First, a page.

Six women poets “sing” the blues…

March 16th, 2023

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photo (cropped) by William Gottlieb/Library of Congress

photo (cropped) by William Gottlieb/Library of Congress

Billie Holiday, c. 1947

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Musical Invocation

Strains of Charlie Parker’s alto sax fill
the empty apartment song-after-song –
“Dancing in the Dark,” “Loverman,”
“Embraceable You.”
Between every note I wish.
…………………………………..How I wish
I had held my heart open as the sea
with its gifts of dolphins dancing
from starboard-to-port, port-to-starboard,
slipping silently beneath our keel,
rising to smile on the Caribbean Sea,
your smile, your arms.
…………………………………..How I wish
I could dive deep across the threshold
between us.

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by Kathryn MacDonald

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Am I Blue?

It’s time to roam these streets
Shimmering with rain, the blues
All up and thru.
Sarah sang it better.
Nancy sang it better.
My singing only tolerable
Still good enough to proclaim:

pitter patter pitter patter
love is gone
so what can matter?

What once was sunny
Is now blue & cautionary

(“to thine own self be blue”

That’s my little adlib, sounding natural
To sing amidst these raindrops
And I’m not above it.

Rain-slicked streets, dark and desolate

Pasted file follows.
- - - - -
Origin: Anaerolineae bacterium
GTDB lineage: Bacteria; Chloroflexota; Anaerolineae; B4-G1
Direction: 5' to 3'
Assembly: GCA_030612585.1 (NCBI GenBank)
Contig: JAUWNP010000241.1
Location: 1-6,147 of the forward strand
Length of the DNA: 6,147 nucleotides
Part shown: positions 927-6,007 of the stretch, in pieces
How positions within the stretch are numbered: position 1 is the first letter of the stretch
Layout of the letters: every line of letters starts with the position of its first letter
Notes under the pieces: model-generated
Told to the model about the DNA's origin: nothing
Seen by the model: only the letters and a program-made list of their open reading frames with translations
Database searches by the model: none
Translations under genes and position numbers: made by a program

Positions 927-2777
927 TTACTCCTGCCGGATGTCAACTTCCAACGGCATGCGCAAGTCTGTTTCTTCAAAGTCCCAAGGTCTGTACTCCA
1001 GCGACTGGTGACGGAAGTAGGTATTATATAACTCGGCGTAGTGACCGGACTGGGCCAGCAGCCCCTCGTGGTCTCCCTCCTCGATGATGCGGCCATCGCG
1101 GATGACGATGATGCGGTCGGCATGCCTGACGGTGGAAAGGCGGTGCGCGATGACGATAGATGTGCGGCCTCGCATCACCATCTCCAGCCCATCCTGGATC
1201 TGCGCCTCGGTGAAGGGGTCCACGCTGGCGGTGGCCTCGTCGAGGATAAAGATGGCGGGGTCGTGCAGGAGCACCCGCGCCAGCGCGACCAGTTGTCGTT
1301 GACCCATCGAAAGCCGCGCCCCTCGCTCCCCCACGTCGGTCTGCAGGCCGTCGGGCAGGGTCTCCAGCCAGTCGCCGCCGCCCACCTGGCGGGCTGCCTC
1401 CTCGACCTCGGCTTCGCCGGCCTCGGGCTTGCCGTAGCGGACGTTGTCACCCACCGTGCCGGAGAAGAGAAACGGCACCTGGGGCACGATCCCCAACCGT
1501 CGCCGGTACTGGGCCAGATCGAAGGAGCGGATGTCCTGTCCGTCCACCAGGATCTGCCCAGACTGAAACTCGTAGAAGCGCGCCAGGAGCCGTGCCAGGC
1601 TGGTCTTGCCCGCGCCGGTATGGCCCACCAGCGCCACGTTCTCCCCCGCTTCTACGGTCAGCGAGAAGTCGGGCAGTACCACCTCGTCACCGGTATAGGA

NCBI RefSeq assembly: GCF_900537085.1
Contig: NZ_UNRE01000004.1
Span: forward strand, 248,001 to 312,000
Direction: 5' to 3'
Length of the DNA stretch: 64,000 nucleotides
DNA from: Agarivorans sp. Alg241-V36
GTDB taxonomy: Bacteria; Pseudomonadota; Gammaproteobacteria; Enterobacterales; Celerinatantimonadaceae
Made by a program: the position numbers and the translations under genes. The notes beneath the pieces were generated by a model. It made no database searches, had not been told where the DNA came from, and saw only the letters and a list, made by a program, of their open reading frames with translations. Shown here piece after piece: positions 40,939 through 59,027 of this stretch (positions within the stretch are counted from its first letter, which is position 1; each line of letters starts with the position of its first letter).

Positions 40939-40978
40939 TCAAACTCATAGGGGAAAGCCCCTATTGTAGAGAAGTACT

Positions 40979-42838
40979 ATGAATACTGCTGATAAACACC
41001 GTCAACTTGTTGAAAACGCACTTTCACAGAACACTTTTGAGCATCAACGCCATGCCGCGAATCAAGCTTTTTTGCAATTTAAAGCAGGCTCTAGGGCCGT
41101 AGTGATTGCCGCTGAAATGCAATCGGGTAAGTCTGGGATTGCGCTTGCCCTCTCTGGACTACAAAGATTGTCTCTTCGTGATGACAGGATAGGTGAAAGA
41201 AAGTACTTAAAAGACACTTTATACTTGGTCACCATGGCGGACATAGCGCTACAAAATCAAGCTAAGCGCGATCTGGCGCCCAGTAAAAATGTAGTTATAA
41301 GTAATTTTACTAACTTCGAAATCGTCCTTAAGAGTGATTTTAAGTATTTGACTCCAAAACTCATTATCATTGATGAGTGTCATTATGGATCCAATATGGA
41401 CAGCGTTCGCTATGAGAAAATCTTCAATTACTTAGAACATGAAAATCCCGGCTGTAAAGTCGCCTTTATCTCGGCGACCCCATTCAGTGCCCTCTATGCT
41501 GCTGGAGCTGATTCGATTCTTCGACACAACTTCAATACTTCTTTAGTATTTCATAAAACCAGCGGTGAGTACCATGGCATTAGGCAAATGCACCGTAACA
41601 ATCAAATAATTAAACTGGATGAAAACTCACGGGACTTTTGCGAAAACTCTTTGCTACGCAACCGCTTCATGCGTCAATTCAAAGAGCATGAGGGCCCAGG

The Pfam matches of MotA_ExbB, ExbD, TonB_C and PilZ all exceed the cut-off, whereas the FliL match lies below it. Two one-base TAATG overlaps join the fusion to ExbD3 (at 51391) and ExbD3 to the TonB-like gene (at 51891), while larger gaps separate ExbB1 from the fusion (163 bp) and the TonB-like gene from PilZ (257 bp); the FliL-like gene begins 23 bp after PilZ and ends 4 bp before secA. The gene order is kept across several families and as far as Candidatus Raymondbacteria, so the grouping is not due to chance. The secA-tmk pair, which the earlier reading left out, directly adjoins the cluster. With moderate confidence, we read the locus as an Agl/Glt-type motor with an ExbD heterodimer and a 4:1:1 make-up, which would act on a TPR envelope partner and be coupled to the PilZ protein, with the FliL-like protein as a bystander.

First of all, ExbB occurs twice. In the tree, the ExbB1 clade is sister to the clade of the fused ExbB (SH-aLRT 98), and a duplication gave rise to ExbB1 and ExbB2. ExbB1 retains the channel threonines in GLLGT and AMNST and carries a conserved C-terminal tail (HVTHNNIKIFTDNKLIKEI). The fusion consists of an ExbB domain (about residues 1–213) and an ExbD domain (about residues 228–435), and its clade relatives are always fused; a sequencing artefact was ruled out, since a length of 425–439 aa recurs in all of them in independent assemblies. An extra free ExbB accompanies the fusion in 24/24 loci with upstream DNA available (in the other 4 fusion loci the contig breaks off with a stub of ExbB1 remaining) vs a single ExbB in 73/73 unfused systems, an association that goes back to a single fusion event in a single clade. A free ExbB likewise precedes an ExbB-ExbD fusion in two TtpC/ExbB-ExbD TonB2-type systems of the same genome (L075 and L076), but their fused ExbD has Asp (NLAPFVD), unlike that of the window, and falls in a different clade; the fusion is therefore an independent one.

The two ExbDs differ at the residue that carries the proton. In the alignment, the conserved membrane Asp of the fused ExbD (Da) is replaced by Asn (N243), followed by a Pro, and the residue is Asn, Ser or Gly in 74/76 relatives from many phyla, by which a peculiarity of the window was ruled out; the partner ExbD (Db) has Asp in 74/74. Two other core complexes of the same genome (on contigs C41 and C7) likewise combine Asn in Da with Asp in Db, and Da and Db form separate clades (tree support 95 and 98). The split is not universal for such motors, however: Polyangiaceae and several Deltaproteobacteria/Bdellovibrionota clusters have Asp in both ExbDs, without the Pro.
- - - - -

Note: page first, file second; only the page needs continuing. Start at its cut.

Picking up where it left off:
And I’m not a stranger to it.

Sliding from caution,
To a foregone conclusion
Just call me: midnight blue

All lonely people have at least
One thing in common
And I’m ready
So ready

For my solo.

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by Connie Johnson

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Sinatra-Inspired

It may be no surprise to you that
I sit musing on my patio, having
Smoked cigarettes after breakfast
Like you used to, and recalling
Your wide-legged ‘50s trousers
And jazz music, now all gone

I remember your Sinatra-inspired
Singing in the shower, and how for
Months I had you Under My Skin,
But that’s over now – That’s Life!
(I’ve even gotten over it that when
You left, you called it My Way.)

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by Martha Patterson

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Sound of Sad, Smooth Jazz

Let me tell you about the girl above me
You know the girl in apartment #3
I hear her late at night, walking back and forth
Barefoot across the creaking wood floor
In the darkness of the shadows of the night
Full moon on this hot, long and lonesome night
I hear music coming through the open windows
Smooth, sad jazz, Billie Holiday “I’m a fool to want you”
I hear her crying, crystal rivers flow, seep through the crack in the ceiling
Dripping down upon my face
I catch hot salty tears in my mouth
And hear her walk and cry, walk and cry.

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by Elaine Croce Happnie

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I Want To Dance All Night

I want to slip on a pair of dancing shoes
so I can move to Jazz tunes or some Rhythm
and Blues, my feet sliding and hips moving
to Lee Morgan’s Gigolo or Dexter Gordon’s
Cheesecake, as I sensuously move like a snake
Wish I had a fella to twirl me around on
a ballroom floor until I can’t dance no more
his lips upon my ear whispering sweet nothings
making my face get red, my body hot
Those days have come and gone, my legs
now pained and stiff, I long to dance into
the wee hours of the morn like someone’s
sweet thing and memories they bring

………………..(originally published in Jerry Jazz Musician, Dec. 16, 2022)